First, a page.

There are numerous ways to profit from growing herbs. To learn about seven different ways you can profit, read this article.
The US market for Chinese medicinal herbs is expanding. There are several reasons for this which you can learn by reading this article.
Cornell University published a great article on the potential for small farms to profit on the niche market of Chinese medicinal herbs.
There were two working farms in my family when I was growing up. We never had a shortage of manure for the gardens. I laughed the first time I saw bags of manure for sale at the local home improvement store. Obviously there is a market for it.
If you cannot sell it by the truck load, then save your feed bags and sell it by 50 lbs. Local gardeners will love this stuff. You can potentially profit from selling manure even if you do not have large livestock. Several of my friends board their horses and haul the stuff off by the truck load.
40) Make and sell homemade candles
Handmade crafts are some of the fastest growing small businesses in the United States. The fantastic part of a candle making business is that there is a very low start up cost.
The folks at Candle Science have a wonderful blueprint for success if you want to start a candle business.
41) Sell feathers
This is a market opportunity that I stumbled on accidentally. One of my friends was visiting the homestead and was watching my rooster. He commented to me about what a great looking rooster he was and that if I ever wanted to get rid of him, I could likely make a few hundreds dollars selling the feathers.
Lots of farm birds have beautiful feathers. Many of these can be sold for making various crafts. However, there is also a big market for selling certain types of feathers to be used for fishing flies. Some hatcheries have what they call a “fly tying special” where you can order specific birds with certain feather characteristics.
Feathers of different quality can be sold on Etsy, eBay, Amazon, as well as other online market places.
If you want to learn something about the prized chickens at the center of fly tying,go here.
42) Sell seed garlic
Instead of just selling garlic at the Farmer’s Market, sell premium bulbs to other growers. You will get a higher price.
You can also sell your product online. Get some great tips from the Online Garlic Farmer’s Market.
Services You Can Provide to Make Money on the Homestead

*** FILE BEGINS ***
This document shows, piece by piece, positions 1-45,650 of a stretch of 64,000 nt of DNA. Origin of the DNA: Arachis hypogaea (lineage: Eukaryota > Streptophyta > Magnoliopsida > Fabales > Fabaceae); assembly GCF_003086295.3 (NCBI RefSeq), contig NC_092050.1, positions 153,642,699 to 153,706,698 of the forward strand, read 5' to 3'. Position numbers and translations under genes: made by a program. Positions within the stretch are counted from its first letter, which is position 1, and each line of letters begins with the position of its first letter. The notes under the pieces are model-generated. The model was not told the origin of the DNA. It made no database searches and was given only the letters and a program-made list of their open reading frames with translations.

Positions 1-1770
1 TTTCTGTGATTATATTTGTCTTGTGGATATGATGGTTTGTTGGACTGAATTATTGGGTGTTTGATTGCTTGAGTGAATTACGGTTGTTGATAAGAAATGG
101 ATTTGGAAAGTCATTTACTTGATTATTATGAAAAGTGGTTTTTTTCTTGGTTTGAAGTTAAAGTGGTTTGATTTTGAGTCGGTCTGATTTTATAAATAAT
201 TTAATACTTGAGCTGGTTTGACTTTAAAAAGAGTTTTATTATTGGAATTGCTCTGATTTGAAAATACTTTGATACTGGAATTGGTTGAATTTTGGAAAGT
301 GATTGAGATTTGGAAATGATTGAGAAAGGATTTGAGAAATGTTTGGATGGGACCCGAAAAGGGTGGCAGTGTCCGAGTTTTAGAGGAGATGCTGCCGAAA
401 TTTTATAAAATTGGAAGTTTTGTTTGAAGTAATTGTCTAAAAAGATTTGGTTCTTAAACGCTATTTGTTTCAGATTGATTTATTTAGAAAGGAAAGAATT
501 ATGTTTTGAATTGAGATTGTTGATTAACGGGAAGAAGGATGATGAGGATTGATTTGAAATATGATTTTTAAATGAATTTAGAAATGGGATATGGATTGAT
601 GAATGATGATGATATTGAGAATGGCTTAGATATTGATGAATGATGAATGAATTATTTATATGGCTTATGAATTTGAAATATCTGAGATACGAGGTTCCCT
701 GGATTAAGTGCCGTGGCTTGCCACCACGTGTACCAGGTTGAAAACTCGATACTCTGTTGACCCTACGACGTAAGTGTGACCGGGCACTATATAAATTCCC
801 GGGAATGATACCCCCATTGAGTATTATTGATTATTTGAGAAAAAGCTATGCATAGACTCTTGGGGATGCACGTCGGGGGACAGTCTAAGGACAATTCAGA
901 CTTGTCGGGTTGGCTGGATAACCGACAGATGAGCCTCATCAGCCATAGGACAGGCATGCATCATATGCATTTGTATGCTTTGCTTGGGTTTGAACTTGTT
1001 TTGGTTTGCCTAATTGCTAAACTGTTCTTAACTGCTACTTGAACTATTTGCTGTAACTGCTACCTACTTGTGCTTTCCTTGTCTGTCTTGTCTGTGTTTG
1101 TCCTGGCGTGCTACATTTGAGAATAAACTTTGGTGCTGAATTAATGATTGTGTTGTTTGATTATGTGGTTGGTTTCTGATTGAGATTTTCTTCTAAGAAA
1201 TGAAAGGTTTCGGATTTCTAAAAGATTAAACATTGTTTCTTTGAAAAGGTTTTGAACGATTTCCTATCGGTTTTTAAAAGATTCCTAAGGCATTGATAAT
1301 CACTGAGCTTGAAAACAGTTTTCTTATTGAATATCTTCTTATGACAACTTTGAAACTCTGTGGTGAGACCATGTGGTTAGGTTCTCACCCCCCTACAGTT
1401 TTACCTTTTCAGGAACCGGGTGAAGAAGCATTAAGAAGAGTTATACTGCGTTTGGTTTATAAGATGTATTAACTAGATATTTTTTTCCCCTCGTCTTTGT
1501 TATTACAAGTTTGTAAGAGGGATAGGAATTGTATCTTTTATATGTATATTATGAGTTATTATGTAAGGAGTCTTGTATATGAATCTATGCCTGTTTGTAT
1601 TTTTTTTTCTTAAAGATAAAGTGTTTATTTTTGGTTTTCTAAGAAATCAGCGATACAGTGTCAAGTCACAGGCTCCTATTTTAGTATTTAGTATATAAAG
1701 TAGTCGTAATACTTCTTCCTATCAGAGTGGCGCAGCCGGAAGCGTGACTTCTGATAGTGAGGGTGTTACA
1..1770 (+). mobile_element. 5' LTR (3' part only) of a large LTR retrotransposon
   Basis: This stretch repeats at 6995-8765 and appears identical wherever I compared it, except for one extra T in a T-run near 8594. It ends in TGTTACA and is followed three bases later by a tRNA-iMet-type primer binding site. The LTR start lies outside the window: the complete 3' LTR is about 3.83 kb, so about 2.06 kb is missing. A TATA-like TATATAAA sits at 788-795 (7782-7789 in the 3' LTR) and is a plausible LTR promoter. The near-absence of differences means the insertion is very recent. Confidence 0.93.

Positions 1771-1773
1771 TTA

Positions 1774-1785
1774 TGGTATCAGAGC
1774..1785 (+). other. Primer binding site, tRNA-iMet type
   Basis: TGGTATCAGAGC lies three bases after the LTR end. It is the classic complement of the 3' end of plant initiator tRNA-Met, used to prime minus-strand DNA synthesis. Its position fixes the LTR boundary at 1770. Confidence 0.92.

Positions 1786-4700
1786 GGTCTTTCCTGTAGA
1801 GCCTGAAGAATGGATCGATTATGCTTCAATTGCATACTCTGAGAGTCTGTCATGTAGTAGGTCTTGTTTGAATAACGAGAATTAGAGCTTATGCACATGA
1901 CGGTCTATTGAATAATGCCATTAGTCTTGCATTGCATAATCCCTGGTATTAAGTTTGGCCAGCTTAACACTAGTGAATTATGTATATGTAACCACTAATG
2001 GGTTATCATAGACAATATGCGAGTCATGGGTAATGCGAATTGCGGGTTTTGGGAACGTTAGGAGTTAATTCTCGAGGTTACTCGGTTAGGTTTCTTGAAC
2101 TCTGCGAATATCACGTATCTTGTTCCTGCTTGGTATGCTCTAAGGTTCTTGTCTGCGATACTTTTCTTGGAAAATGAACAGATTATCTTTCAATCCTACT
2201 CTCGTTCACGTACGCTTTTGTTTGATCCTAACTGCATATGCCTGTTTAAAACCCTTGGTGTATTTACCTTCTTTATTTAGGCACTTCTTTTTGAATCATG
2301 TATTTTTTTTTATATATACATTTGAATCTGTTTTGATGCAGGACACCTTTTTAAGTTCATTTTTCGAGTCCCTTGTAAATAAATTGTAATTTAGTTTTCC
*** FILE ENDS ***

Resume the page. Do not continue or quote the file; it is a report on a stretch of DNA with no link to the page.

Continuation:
43) Teach Classes
If you are skilled at any aspect of modern homesteading, chances are people will pay to learn from you. There are numerous topics that you can teach: how to raise chickens, making soap, making cheese, permaculture, candle making, bee keeping, butchering and processing meat, home canning, etc.
44) Teach natural health solutions
The interest in alternative medicine is rapidly growing. If you have specialized knowledge in a particular area, such as herbal medicine or essential oils, then use that to your advantage.
45) Offer weekend retreats
More the more people are interested in alternative lifestyles. Offering weekend retreats where people are introduced to your homestead and your way of life can be very profitable. A perfect example is developing a class on permaculture, the basics of homesteading, or yoga. Do an online search for such retreats and you will find that people pay handsomely for such things.
46) Start a Bed and Breakfast
If you have a large enough home or homestead, this may be a great way to have your own business. As with anything else, do your homework.
To get you started, read this article on The First Step Every Aspiring Bed and Breakfast Owner Needs to Take, sponsored by the folks atbedandbreakfast.com.
Here is another good article on How to Start a Bed and Breakfast from the folks ofentrepreneur.com.
47) Rent out camping space
If your homestead is secluded enough, then offering weekend camping spots may be an easy alternative to a B & B. If you live within an easy driving distance to a large city, you know how hard it can be to find a nice, quiet spot for a quick get away. People are more than willing to pay for such a service. As an alternative, you could set up a glamping spot. Large canvas tents and furniture are all that is needed to set up glamorous camping. People pay handsomely for such an experience.
48) Rent out your property for special events
If you have a homestead that is especially picturesque, then rent out your barn, pasture, home, or land for weddings, photo shoots, parties, or other occasions. This could be a very easy way to make several thousand dollars in one weekend depending on the event. Point is, this is low maintenance and you can take advantage of something that is already in place.
49) Dog boarding or pet sitting services
Most likely you will have to get licensed and bonded in order to offer such a service. Doing so also gives you some protection against liability. However, the start up cost to offer such services are extremely low, especially if you are simply offering pet sitting. I know of several people that do this and make several thousand dollars a month.
You can get a free eBook about starting a pet-sitting business from Pet Sitters International. This will require signing up for their email list.